The Bodleian Library, Oxford, holds the complete manuscript third draft of Seven Pillars, 1920-22. Lawrence had eight copies of this text printed by the Oxford Times printing works on a proofing press.
Published, with later amendments taken from Lawrence's marked copy below, as Seven Pillars of Wisdom, The Complete 1922 Text (Fordingbridge, Castle Hill Press, 1997, 2003)
A private collector owns Copy No. I of five copies of the Oxford Times proof printing (see above) that Lawrence corrected by hand and had bound in 1922. Copy No. 1 was Lawrence's master copy and contains textual amendments in addition to the manuscript corrections. The other four copies bound and corrected by Lawrence in 1922 are in the Bodleian Library, the British Library (2 copies), and the Henry E. Huntington Library and Art Gallery. A sixth copy survives, see The Arab War, below.
A private collector holds Book VIII of the abridgement that Lawrence issued in a deluxe subscribers' edition in 1926. This is a set of pages from the 1922 Oxford Times proof-printing heavily annotated by Lawrence. It is believed that he destroyed the remainder of the draft for the subscribers' abridgement
The Arab War
The Houghton Library, Harvard, holds the draft abridgement of the 1922 'Oxford' text made in the autumn of 1922 by Edward Garnett and T.E. Lawrence
The Forest Giant
Lawrence's translation of Le Gigantesque, a novel by by Adrien Le Corbeau commissioned by Jonathan Cape and published in 1924.
Published as The Forest Giant (London, Jonathan Cape, 1924). Parallel French/English text published as Adrien Le Corbeau | T. E. Lawrence, Le Gigantesque | The Forest Giant (Fordingbridge, Caste Hill press, 2004)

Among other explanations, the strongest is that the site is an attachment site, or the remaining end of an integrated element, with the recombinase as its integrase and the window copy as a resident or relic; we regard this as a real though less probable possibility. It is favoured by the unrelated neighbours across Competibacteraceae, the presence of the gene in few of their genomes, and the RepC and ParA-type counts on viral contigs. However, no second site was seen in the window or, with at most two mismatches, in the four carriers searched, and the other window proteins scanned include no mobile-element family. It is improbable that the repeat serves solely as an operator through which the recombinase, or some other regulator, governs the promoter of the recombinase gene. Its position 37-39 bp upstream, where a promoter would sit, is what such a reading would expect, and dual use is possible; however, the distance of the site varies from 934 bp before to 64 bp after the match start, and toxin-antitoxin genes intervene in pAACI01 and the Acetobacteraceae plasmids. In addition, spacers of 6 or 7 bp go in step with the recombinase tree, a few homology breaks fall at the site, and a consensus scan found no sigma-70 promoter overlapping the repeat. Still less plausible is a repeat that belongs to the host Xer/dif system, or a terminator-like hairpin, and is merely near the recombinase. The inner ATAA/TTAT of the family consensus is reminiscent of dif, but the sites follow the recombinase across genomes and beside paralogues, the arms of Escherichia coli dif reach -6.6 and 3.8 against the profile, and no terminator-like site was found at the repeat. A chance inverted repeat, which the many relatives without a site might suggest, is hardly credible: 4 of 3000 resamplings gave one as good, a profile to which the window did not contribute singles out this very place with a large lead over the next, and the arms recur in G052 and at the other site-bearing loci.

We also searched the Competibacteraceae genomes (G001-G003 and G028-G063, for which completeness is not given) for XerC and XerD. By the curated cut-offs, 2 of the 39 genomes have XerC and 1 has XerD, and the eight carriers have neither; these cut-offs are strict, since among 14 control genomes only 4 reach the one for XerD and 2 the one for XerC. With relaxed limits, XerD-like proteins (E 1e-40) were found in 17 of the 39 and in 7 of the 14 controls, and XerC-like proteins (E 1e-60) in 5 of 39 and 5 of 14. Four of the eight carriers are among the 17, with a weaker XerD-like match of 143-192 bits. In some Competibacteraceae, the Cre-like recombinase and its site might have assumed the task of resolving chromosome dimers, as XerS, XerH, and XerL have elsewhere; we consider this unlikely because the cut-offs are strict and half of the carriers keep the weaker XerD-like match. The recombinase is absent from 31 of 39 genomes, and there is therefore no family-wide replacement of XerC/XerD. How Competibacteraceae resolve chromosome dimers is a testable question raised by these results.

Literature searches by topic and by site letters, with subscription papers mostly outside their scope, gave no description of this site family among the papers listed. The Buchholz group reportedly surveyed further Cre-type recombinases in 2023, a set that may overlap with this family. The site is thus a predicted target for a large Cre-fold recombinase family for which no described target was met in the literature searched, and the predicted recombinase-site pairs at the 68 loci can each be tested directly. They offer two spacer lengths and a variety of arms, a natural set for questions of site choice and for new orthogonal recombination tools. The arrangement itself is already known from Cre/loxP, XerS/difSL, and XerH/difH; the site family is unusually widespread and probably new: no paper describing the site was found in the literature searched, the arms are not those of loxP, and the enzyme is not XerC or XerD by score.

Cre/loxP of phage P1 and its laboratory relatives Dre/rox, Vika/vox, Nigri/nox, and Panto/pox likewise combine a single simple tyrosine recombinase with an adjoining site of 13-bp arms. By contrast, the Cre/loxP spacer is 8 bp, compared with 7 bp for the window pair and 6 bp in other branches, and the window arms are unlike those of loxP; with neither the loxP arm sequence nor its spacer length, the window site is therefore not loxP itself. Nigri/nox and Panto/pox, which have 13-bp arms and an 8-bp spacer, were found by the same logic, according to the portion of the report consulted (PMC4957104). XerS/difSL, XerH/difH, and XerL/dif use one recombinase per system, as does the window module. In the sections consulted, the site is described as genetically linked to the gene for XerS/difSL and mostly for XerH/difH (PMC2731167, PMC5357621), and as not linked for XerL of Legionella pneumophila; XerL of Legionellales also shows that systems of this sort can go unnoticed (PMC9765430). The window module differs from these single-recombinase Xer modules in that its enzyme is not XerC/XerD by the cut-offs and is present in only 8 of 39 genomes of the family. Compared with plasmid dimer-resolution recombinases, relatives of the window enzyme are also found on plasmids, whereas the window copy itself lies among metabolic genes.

HRC Texas holds Lawrence's manuscript draft translation of the dedication
In letters to Jonathan Cape Lawrence mentioned both a manuscript and a corrected typescript. If they survive, their location is not recorded.
Revolt in the Desert
Popular abridgement of the 1926 subscribers' text of Seven Pillars of Wisdom (Bernard Shaw, in his review, described it as 'an abridgement of an abridgement'). Lawrence published Revolt to repay the debts he had incurred on the lavish subscribers' edition.
HRC Texas holds Lawrence's pencil draft of the abridgement, made on a set of spoiled proofs of the 1926 subscribers' edition
The Bodleian Library, Oxford, holds on deposit the fair copy of the abridgement sent to Jonathan Cape for typesetting, together with drafts of several additional paragraphs inserted to justify including particular illustrations
Following his enlistment in 1922 Lawrence was sent to the RAF Recruits Training Depot at Uxbridge. There he made detailed notes, for what was intended to be a large-scale book about life in the ranks. When the press revealed that he had enlisted, under a false name, he was discharged and therefore stopped taking notes. Some years later, having been allowed to rejoin the RAF, he decided to turn the Uxbridge notes into a short book. He added a section at the end on Cranwell, where he had served in 1925-6. Lawrence completed The Mint in 1928.
An edition of 50 copies based on the 1928 manuscript presented to Edward Garnett was published in America in 1936 to protect copyright. Another edition, from the same manuscript, was published in 'The Mint' and Later Writings About Service Life (Fordingbridge, Castle Hill Press, 2009, 2010). Another text of The Mint, incorporating Lawrence's later amendments, has also been published (London Jonathan Cape, 1955 and later editions)